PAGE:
Trinidad and Tobago.
Located off the Coast of Venezuela, our peleau pot (local dish) country, where many of our people hail from various corners of the world who, amazingly, live relatively harmoniously despite different ethnic and cultural ancestries.

It’s a rare occurrence in the world for so many cultures, ethnic backgrounds and religions to co-exist in such a small space. 5130 sq. Km (Trinidad) to be exact. You can see why it’s so amazing for us to live without major conflict over so many years, being independent of Colonial/British rule since 1958.

Sweet TnT (Trinidad and Tobago) is known for its Carnival, Doubles (street food) and Bake & Shark. Also our beautiful beaches (mostly in Tobago) and very laid back culture. It’s so apparent, even our language / dialect is what I like to call a “lazy” version of English, where most of it doesn’t make sense to an outsider, but it does to us.

For example, normally people say, “How’s that sounding?” our version is, “How dat songing” or “How it songing”. Yeh really broken, mispronounced English dialect. The Queen would have a heart attack if she heard us now. Another example, other people go to “hang out”, we say, we’re going to “lime”.

What does that sour fruit have to do with people meeting up? Beats me! But it’s what we say. Unless it represents how sour our people are? Hmmm… I’m just kidding, we’re the most fun and joyous people you’ll ever meet! I still don’t know why we say “lime”.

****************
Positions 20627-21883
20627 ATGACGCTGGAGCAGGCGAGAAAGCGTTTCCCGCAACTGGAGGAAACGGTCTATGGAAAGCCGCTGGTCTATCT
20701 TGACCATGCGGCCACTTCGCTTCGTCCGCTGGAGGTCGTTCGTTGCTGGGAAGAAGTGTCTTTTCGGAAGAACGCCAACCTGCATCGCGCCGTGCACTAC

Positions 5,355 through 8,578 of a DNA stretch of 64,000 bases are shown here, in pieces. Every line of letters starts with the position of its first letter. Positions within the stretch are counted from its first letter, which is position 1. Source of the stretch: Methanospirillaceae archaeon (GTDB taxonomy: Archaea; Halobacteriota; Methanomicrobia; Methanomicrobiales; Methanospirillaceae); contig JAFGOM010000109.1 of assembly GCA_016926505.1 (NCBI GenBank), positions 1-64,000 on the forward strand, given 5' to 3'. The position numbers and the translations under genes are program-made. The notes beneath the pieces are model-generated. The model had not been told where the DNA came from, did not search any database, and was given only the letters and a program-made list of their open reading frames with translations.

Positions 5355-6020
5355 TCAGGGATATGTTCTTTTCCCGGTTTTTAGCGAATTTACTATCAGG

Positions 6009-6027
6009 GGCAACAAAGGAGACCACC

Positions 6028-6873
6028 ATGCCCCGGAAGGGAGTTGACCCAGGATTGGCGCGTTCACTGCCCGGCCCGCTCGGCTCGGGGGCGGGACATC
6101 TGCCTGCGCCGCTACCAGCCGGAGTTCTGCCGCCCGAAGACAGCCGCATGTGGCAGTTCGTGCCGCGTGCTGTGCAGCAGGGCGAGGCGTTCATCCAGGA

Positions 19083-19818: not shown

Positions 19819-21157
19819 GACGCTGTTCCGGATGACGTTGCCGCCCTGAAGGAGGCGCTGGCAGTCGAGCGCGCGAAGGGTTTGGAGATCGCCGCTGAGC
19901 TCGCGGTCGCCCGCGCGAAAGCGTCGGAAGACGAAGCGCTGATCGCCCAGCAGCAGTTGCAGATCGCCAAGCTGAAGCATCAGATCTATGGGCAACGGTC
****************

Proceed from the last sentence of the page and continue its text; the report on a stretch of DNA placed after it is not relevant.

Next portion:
Our dialect is an extremely broken variant of English, similar to Jamaicans, yet our own unique way. Foreigners like to try to talk Trini, but end up using a Jamaican accent instead. It’s NOT the same.

Take for example Trevor Noah’s failed attempt at talking in a Trini accent, but he ends up doing a light Jamaican accent

However, this is how we “sound” (pronounced “song” in trini accent)

If you watched the vid, you’ll realise that one guy being interviewed, represents a majority of our nations intellect. Sad, I know.

Thankfully we’re not as bad as Guyana, but we’re almost close enough.

I’m no cultural minister or historical adviser for Trinidad, so I prefer not to go on too much about us before an educated bigot loses their mind about fine details, which I most probably will get wrong.
Which brings me to my final point about Trinis. We never admit being wrong, or not knowing something.

If you’ve ever met a person who “knows it all” and would NEVER, I MEAN NEVER, admit being wrong, even when you present facts to them, and they still convincing you they’re right, chances are they’re Trini.
We would rather DIE than to admit wrong-doing or not knowing enough. That’s how you spot a Trini

Now that I’ve briefly covered my culture and people, we can finally begin the documentation of my journey once and for all! To infinity and beyond!